Hardly a surprise that commuting leads to a decline in physical and social health, but the important point is that commutes are the result of how we design cities, site industry, and create new housing. Major political will is needed to make changes, and that requires a better understanding of community on the part of policy makers and citizens, too.
The Gallup polling organization reports that the “well being” of metropolitan Americans is apparently “lower among workers with long commutes.” The study, released this month, finds that “lengthy commuters are more likely to experience a range of physical and emotional conditions,” including “severe health problems,” such as neck or back pain (especially for those commuting more than 20 minutes) and higher cholesterol and larger “body mass index(es),” due, no doubt, to over-consumption of fattening fast foods.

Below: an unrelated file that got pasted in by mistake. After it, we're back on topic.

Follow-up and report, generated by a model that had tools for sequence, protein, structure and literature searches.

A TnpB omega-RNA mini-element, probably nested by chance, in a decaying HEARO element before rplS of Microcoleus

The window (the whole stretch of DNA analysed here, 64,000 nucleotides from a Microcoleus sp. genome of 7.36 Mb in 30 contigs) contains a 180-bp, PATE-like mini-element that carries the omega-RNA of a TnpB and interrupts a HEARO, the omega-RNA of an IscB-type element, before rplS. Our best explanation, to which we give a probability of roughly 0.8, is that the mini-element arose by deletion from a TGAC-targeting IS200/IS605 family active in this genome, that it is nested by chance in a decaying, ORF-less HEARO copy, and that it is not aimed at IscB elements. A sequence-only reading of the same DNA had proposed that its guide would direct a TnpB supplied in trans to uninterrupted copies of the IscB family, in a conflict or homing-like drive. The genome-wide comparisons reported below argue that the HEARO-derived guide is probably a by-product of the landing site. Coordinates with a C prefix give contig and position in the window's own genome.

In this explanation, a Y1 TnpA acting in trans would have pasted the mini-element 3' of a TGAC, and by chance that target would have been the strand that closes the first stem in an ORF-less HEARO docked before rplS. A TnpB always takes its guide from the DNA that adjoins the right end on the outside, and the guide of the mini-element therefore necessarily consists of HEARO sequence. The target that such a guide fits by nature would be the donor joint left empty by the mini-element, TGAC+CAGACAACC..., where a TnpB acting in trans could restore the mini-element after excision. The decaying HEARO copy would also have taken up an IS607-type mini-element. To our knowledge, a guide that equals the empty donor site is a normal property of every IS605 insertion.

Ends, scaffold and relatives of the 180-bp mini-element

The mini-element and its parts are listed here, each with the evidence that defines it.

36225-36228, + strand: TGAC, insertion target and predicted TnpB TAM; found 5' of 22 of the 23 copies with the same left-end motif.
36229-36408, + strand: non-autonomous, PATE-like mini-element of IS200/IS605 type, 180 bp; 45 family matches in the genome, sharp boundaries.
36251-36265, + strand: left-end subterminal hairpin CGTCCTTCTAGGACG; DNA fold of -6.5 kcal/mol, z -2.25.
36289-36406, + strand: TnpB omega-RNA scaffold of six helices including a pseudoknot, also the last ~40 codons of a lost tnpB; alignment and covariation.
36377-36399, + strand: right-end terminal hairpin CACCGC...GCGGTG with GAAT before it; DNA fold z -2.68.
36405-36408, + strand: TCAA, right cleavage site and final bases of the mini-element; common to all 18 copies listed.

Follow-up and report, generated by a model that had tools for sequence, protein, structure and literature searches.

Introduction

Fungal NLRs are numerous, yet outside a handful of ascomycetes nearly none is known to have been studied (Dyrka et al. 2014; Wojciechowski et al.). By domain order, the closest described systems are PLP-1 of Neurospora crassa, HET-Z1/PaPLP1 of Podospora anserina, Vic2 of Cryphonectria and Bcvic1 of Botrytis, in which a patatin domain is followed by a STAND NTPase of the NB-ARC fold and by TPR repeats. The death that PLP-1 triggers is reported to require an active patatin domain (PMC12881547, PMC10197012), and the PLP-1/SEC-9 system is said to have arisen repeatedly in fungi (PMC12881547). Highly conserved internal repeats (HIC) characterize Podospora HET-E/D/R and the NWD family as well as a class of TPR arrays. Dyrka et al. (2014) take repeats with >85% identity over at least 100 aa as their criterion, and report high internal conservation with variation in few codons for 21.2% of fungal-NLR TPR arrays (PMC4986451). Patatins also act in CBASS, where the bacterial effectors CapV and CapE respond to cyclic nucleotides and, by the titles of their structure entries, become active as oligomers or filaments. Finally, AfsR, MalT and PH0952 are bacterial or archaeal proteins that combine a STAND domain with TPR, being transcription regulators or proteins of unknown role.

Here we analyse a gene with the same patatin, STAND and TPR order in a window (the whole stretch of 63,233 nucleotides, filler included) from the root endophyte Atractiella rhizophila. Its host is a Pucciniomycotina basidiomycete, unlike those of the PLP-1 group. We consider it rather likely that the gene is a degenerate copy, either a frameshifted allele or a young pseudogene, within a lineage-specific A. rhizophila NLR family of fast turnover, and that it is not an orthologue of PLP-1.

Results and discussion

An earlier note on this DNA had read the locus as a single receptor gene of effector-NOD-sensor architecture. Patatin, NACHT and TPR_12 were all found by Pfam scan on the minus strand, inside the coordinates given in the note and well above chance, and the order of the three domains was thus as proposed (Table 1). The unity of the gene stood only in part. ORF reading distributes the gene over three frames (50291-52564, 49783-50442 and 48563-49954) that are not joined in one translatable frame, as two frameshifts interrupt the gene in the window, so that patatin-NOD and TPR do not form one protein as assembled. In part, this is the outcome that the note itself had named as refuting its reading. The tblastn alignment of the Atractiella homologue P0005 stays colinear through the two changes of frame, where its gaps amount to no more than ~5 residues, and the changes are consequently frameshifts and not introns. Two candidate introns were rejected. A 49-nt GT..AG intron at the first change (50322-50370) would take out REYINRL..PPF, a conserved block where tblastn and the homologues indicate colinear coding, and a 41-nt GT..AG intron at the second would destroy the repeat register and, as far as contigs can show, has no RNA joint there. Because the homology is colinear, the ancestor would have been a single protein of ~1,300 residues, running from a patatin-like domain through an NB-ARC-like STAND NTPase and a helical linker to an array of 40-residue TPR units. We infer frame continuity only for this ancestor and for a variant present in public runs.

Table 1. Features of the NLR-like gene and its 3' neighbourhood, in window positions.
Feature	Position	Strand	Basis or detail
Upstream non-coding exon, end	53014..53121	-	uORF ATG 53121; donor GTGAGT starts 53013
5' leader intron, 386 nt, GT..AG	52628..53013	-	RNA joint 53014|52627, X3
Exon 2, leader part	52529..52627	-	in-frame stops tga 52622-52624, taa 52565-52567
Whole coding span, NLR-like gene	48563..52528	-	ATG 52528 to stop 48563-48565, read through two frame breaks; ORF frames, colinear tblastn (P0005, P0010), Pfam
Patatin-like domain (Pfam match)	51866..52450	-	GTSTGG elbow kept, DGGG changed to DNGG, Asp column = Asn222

via t r u t h o u t | Suburban Sprawl and the Decline of Social Capital. Thanks the Sprawled Out blog for this link.
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